April 3, 2014
Two hot button topics that keep appearing in the gardening world are the invasion of the Emerald Ash Borer and the spread of Impatiens Downy Mildew. Though these both pose issues for the every day gardener, they should not stop you from exploring and reinventing your garden. Whether you have Ash trees that need to be replaced, or have been using impatiens to bring color to your garden for years; we are here to help you find alternatives that bring color and beauty to your landscape.
What is Impatiens Downy Mildew
Downy Mildew is a disease that affects all seed-type impatiens (Impatiens walleriana) including Double Rosebud, Fusions/Exotics, and Butterfly. Impatiens Downy Mildew wreaked havoc with garden impatiens last season and promises to be more destructive this year and into the future. Symptoms include curling and yellowing of the leaves and a white fluffy/ downy substance on the underside of leaves. Once infected with the fungus all leaves and flowers drop, leaving “skeletonized” stems to collapse and die. There is no cure currently. All infected plant remains should be disposed of in the trash (NOT composted). The disease may be introduced into the garden by infected plants...but spreads more quickly via airborne spores and can winter in the soil for as long as 8-10 years. IDM thrives in cool (63-73F) moist conditions. Not all impatiens are affected by IDM though.
Impatiens that can safely be planted because they are immune to the disease include:
- New Guinea Impatiens: Brilliant flower colors and some varieties even have colorful foliage as well. They are also more sun tolerant and thrive in containers as well as in your flower garden..
- Fanfare Impatiens: Vigorous and free-flowering, these plants have spreading and mounded habit that allows them to fill large garden beds, containers and hanging baskets. The plants recover quickly from water stress without losing buds or blooms so they are perfect for the gardener who travels.
- Sunpatiens: The truly wonderful thing about Sunpatiens is that they work well in full sun or shade! They add fabulous blocks of color to any area in your landscape. Sunpatiens are a reliable and vigorous choice to fill your garden with color.
Impatiens bring beautiful color to any shade garden, but they are not the only choice. This is your chance to break out of your normal gardening routine and try something new! There are many bright and colorful options! In planning your spring planting , we suggest you consider the many varieties of perennial flowers that thrive in shade gardens as well as the annual varieties like impatiens that you may be accustomed to planting. We have a great selection of both perennials and annuals that will be available this season.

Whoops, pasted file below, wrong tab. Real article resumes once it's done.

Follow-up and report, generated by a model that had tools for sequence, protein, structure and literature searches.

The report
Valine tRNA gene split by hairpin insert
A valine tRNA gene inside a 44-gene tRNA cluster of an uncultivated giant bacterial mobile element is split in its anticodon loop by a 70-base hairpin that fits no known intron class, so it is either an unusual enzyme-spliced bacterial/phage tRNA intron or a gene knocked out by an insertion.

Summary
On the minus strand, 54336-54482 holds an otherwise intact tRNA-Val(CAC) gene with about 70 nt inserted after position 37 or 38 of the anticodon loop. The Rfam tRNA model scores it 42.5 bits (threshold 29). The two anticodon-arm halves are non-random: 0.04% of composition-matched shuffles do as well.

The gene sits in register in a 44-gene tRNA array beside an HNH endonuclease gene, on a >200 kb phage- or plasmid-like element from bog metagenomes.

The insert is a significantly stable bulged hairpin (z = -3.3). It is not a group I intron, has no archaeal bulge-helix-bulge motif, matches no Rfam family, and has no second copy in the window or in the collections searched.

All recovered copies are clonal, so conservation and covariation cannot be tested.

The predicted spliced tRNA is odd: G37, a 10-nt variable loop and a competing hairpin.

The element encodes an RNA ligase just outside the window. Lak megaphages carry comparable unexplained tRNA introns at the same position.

A few examples of annuals for shady sites include:
- Coleus: Foliage plants that POP! These plants bring an amazing array of color combinations and leaf textures with scalloped, toothed, or fringed leaf edges. Great color that stands out in low light gardens and it is soooo easy to grow!
- Torenia: Try this enchanting little wishbone flower, also dubbed clown flower for its vividly marked flowers that are said to resemble the face of a clown. The flower shape resembles tiny snapdragons, mouths wide open and showing off delicate throats marked with a contrasting color. This little clown flower blooms nonstop until frost.
- Begonias: Begonias are excellent plants for shade gardens. The huge variety of begonia foliage and flowers makes these plants interesting as well as beautiful. Whether you grow begonias in a hanging basket, under trees or in a sunless area of your yard, they will provide texture and color during most of the growing season.
What is the Emerald Ash Borer?
Emerald Ash Borer is an emerald green insect that is the size of a penny. They bore into the trunks of ash trees killing the tree within a few years. With no natural predator to keep them in check, they have spread across the United States leaving their trail of dead ash trees.
What can we do?
Ash trees are very prevalent in the Iowa landscape. To insure that we have trees in place when the Ash trees are lost, we should start planting now! Use this opportunity to diversify your landscape with a variety of trees. There are many things to consider when thinking about what tree to plant: tree shape, fall color, growth rate and soil type should all be deciding factors. Hackberries, Oaks, Maples and Locust are trees native to our area and there are many varieties within these tree "families" that will flourish here. These trees are easy to grow, provide great shape and fall color and do well in most soil types. But we also love Japanese Tree Lilacs and Royal Raindrops Crabs that are very ornamental but will still provide nice shade. Please stop in to allow us to show you our great selection of trees...and ask to see the new Emerald City Tulip Tree!
We hope to see you soon so we can show you our other new plant treasures for 2014!